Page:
NADH also is needed for the regeneration of glutathione after it becomes oxidized (Sies and Stahl, 1995; Kehrer and Lund, 1994). If NADH levels are depleted, glutathione levels also may fall. Thus, supplementation with NADH also may help restore glutathione to its active form.
Melatonin is a mammalian hormone, secreted at night during sleep by the pineal gland. Although melatonin's role as a hormone is subtle, it is clearly a potent antioxidant (Reiter et al., 1996). It is both water- and membrane-soluble, and acts as an antioxidant in both lipid and aqueous environments. Dosages that raise blood levels of melatonin to higher-than-normal levels protect against agents that damage cells by generating oxygen radicals.
These include ionizing radiation, the chemical carcinogen safrole, the diabetes-inducing toxin alloxan, the herbicide paraquat, bacterial lipopolysaccharide, and the liver toxin carbon tetrachloride. Melatonin also protects against cataracts caused by buthionine sulfoxamine, a drug that blocks the production of glutathione.
Melatonin is absorbed readily when taken orally, and has very low toxicity. In fact, few if any negative side effects have ever been reported for melatonin. In addition to its antioxidant effects, melatonin has been proposed as a regulating agent for the biologic aging clock. A previous study suggested that melatonin may be able to extend lifespan in rodents. Our study will seek to determine if this is possible.
The Mystery of Aging
Two additional theories of aging also will be examined during The Lifespan Project.
The questions? How does glycation and hormone depletion influence longevity?
Why do we age? In addition to the free radical and energy-depletion theories of aging, there also are the glycation and hormonal theories. Each theory proposes different biochemical mechanisms for aging. It's possible that all four are right, that their concerted action produces the symptoms of aging.
Anthony Cerami and colleagues proposed the glycation theory of aging. This theory postulates that cellular damage from glucose (blood sugar) is a factor in aging. Diabetes, which is characterized by abnormally high levels of blood glucose, is probably a form of accelerated aging.
High blood glucose levels are associated with long-term neurologic problems, kidney damage, atherosclerosis, loss of vision, cataracts and impaired cellular immunity (Ziyadeh. & Cohen, 1993; Anonymous, 1993; Rossetti et al., 1990).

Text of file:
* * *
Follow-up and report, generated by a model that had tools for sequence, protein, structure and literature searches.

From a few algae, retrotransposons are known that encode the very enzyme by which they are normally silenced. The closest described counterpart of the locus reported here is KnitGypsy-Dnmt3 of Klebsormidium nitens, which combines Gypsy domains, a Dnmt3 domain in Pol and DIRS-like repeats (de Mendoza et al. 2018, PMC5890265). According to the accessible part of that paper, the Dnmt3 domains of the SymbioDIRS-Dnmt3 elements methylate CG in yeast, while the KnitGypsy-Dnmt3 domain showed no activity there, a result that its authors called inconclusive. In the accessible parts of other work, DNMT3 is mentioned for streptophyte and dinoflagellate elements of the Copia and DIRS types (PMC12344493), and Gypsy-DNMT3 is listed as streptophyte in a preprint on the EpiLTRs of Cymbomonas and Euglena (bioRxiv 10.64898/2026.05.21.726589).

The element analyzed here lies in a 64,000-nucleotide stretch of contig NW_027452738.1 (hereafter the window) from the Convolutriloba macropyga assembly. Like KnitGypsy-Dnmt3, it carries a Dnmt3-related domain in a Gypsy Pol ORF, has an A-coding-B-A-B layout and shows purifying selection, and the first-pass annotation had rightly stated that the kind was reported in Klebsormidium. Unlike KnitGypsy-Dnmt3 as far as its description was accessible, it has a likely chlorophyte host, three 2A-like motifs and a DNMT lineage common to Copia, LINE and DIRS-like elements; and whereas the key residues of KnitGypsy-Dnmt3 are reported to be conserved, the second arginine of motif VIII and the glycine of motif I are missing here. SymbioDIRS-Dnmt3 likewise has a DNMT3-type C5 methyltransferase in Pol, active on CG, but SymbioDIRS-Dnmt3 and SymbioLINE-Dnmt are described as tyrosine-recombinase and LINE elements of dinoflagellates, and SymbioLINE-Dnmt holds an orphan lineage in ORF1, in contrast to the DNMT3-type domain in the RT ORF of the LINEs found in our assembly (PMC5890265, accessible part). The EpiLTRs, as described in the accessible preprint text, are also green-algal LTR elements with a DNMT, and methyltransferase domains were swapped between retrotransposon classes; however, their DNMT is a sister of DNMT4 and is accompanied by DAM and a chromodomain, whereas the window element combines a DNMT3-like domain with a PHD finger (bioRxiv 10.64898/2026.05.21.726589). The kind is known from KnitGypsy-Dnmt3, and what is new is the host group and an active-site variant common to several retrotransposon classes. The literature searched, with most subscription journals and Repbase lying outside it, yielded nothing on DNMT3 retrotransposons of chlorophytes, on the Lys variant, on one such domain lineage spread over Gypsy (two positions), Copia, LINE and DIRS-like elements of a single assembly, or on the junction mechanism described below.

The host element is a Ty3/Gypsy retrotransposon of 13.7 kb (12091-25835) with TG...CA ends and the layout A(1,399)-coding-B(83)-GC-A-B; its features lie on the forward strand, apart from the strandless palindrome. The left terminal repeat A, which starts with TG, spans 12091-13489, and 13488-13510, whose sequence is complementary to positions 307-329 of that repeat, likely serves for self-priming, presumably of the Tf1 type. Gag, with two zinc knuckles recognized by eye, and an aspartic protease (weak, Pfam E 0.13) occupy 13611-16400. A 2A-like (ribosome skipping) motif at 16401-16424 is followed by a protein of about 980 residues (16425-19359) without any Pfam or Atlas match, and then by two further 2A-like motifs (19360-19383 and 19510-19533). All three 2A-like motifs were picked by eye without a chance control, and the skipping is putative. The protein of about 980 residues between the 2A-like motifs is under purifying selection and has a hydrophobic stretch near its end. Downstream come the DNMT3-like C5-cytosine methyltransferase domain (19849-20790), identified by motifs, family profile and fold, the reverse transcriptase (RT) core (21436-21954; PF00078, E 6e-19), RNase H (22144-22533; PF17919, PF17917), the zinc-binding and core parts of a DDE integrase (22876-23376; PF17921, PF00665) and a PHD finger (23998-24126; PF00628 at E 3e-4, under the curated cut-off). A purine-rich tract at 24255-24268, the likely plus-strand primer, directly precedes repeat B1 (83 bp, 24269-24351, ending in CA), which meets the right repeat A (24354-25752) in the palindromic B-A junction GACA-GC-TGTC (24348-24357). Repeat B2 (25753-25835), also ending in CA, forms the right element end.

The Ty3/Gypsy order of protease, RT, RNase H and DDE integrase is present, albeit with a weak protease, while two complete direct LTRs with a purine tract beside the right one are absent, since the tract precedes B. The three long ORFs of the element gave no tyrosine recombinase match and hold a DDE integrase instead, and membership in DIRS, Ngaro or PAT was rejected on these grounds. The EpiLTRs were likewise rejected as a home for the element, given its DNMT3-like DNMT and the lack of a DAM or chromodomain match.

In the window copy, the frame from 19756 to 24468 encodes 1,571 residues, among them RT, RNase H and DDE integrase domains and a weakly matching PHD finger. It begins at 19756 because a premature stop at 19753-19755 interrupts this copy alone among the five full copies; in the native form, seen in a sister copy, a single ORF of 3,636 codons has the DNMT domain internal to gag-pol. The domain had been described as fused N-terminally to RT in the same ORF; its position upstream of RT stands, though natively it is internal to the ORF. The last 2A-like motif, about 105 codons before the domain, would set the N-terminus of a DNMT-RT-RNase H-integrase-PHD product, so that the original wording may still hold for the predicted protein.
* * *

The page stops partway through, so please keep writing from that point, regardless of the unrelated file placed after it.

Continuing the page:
High insulin levels often are found in people with heart disease, atherosclerosis and high blood pressure (Ferrari & Weidmann, 1990; Stout, 1990; Ducimetiere et al., 1980). These are many of the diseases and complications that occur in old age.
In fact, one of the characteristics of human aging is a progressive rise in blood glucose levels. Blood glucose rises because insulin becomes less effective in causing glucose uptake by muscle and fat cells.
Glucose reacts slowly with proteins, fats, lipids and even with the genetic material of our cells (Lee & Cerami, 1992). With the passage of time, it forms toxic chemicals that have been given the name "advanced glycation end products," or AGEs (Baynes, 1991). This same process takes place much faster through the heat of frying or broiling, which is what gives cooked meat its brown color. During this process, reactive glucose forms free radicals which continue and amplify the reaction, enlarging the damaged area. Over a lifetime, this kind of damage accumulates, even in people without diabetes. The damage may even be involved in the loss of neurologic functions during aging.
Recent research has shown that the effects of many small strokes in older people accumulate over the years to finally rob us of short-term memory. The neurofibrillary tangles and senile plaques in the brains of patients with Alzheimer's disease contain AGE, while little if any of these products are detected in healthy brain regions, even within the same brains as the afflicted persons (Smith et al., 1994).